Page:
EXAMPLE XV Example I was repeated except that the catalyst was based on German guhr. The product contained about 19 percent nickel and, after activation, 5.2 percent S based on Ni.

The above nickel catalysts are particularly useful in the selective hydrogenation and isomerization of triglyceride oils.

The atomic ratios of sulphur to nickel at the surface of the nickel for Examples 1, 3, 4, 6 and 7 were 0.42, 0.50, 0.39, 0.58 and 0.44 respectively.

What is claimed is:

l. A process for the preparation of a partly sulfided metallic supported catalyst containing from about 2 to about percent sulfur based on metal in which process a metal selected from the group consisting of nickel, molybdenum, cobalt, tungsten, iron, copper,

cadmium and manganese, its hydroxide, oxide or salt,

during or after precipitation on a support, is partly sulfided by contact with flowers of sulfur suspended in water at a temperature above C with a pH between 7 and l l.

2. A process as claimed in claim 1 in which the metal is precipitated as hydroxide, oxide or salt from aqueous solution on a support-material by gradual and uniform change in pH.

3. A process as claimed in claim 2 in which the aqueous solution contains urea and the pH is gradually and uniformly raised by heating the solution above 80C.

4. A partly sulfided metal supported catalyst prepared by a process according to claim l.

Patent Citations
Cited PatentFiling datePublication dateApplicantTitle
US3439061 *Oct 10, 1966Apr 15, 1969Shell Oil CoCatalytic dehydrogenation of paraffins
US3527839 *Jan 13, 1969Sep 8, 1970Shell Oil CoEthylene oligomerization
US3686137 *Jul 6, 1970Aug 22, 1972Shell Oil CoSulfide precipitated catalysts
Referenced by
Citing PatentFiling datePublication dateApplicantTitle
US4166807 *Nov 28, 1977Sep 4, 1979Mitsubishi Gas Chemical Company, Inc.Iron, sulfur, metal halide
US4491639 *Sep 30, 1982Jan 1, 1985Gas Research InstituteMethods of making high activity transition metal catalysts
US4520129 *May 20, 1983May 28, 1985Phillips Petroleum CompagnyHydrogenation catalyst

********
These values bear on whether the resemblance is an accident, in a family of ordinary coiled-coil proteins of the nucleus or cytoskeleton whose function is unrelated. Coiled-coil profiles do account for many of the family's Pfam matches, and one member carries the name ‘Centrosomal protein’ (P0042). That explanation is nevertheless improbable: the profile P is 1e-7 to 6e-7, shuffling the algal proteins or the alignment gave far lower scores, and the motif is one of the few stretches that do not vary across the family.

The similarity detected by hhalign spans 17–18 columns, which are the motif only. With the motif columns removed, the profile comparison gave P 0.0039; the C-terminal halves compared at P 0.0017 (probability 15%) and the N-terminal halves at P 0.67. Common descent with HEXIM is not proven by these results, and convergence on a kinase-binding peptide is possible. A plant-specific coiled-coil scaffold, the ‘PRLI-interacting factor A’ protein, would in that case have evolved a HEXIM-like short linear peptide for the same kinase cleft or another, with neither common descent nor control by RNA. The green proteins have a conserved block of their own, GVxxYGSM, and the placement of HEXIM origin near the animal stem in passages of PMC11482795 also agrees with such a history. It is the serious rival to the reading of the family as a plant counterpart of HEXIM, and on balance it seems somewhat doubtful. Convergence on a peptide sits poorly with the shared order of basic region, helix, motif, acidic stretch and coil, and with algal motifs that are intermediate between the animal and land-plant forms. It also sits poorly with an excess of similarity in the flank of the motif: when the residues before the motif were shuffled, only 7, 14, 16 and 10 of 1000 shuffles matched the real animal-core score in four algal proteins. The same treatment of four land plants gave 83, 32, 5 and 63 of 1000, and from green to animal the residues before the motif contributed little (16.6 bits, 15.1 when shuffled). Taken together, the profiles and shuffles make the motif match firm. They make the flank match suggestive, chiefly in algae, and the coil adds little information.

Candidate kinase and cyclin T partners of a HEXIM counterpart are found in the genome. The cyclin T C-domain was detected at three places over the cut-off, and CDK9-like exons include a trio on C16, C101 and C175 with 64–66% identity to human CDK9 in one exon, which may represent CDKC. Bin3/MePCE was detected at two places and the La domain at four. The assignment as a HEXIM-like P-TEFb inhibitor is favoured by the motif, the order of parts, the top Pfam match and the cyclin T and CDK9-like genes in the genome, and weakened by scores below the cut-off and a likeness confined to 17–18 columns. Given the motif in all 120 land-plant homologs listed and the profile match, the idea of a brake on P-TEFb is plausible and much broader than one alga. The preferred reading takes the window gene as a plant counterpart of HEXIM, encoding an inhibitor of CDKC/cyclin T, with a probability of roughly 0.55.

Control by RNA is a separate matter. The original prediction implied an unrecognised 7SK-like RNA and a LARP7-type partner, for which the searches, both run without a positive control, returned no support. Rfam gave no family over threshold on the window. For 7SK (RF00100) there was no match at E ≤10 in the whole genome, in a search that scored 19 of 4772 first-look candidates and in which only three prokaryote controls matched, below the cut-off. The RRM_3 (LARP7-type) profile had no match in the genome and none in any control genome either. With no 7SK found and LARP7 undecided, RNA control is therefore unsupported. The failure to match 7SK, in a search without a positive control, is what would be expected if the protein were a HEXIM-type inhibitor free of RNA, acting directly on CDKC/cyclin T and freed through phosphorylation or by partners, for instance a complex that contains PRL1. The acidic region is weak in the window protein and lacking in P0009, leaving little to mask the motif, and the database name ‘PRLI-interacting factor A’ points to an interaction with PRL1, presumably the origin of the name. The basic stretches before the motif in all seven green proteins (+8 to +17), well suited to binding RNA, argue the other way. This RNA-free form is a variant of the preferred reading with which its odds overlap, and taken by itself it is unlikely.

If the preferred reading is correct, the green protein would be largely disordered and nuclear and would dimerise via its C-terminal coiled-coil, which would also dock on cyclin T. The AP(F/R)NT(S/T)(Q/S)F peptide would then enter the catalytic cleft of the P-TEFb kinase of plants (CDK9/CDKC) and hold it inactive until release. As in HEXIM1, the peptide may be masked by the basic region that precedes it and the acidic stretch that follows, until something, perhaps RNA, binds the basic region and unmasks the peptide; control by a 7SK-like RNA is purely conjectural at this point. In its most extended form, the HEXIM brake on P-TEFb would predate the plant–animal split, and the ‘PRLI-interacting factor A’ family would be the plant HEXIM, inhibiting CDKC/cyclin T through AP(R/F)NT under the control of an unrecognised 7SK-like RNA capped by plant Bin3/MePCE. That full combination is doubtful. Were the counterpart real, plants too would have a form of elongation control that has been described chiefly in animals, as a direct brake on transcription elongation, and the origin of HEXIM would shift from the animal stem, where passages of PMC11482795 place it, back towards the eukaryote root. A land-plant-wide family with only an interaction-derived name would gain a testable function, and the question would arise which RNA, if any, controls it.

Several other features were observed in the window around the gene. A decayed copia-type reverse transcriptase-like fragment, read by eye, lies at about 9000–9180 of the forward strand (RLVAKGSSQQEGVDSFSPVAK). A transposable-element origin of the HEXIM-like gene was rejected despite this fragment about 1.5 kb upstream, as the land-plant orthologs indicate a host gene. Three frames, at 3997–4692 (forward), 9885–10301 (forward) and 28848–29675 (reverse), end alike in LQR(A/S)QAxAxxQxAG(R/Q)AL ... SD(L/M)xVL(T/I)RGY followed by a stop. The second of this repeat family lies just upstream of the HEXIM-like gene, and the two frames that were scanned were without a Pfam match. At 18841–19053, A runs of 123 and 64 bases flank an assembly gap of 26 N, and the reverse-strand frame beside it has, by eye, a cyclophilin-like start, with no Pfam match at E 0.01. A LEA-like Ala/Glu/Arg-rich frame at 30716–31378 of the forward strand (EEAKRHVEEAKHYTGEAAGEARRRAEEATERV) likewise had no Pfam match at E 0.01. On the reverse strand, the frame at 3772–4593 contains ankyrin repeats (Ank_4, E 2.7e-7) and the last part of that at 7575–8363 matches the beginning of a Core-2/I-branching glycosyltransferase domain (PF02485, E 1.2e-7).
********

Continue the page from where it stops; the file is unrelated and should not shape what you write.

US4548920 *Mar 26, 1984Oct 22, 1985Shell Oil CompanyHydrodenitrification catalyst
US5064670 *Apr 6, 1990Nov 12, 1991The Procter & Gamble CompanyLow-saturate frying fat and method of frying food
US5153163 *Jul 12, 1991Oct 6, 1992Europeenne De Retraitement De Catalyseurs EurecatProcess for the pretreatment of a catalyst by a mixture of a sulphur agent and an organic reducing agent
US5215779 *Oct 1, 1991Jun 1, 1993The Procter & Gamble CompanyLow-saturate, all purpose plastic shortening with specially hydrogenated intermediate-melting fat component
US5215954 *Jul 30, 1991Jun 1, 1993Cri International, Inc.Method of presulfurizing a hydrotreating, hydrocracking or tail gas treating catalyst
US5292702 *Oct 30, 1992Mar 8, 1994Cri International, Inc.Heating presulfided metal oxide catalyst with liquid olefin
US5468372 *Dec 13, 1993Nov 21, 1995Shell Oil CompanyProcess of hydrotreating and/or hydrocracking hydrocarbon streams or tail gas treating sulfur-containing gas streams
US5496789 *Apr 7, 1994Mar 5, 1996Basf AktiengesellschaftHydrogenation catalyst based on a platinum metal partially poisoned with finely divided sulfur
US5688736 *Oct 26, 1995Nov 18, 1997Cri International, Inc.Sulfiding an olefin and heat treatment
US5786293 *Jun 17, 1996Jul 28, 1998Shell Oil CompanyProcess for presulfiding hydrocarbon processing catalysts
US5821191 *Jun 17, 1996Oct 13, 1998Shell Oil CompanyImpregnating catalyst with inorganic polysulfide solution containing water soluble oxygenated hydrocarbon, heating to fix sulfur onto catalyst
Classifications
U.S. Classification502/216, 502/222, 554/169, 554/145, 502/220
International ClassificationC11C3/00, C07C67/00, C07C69/02, C11C3/12, B01J27/04, B01J37/20, B01J27/043, C07C67/303, C07C69/52, B01J37/00, C07C69/00
Cooperative ClassificationC11C3/123, B01J37/20
European ClassificationB01J37/20, C11C3/12B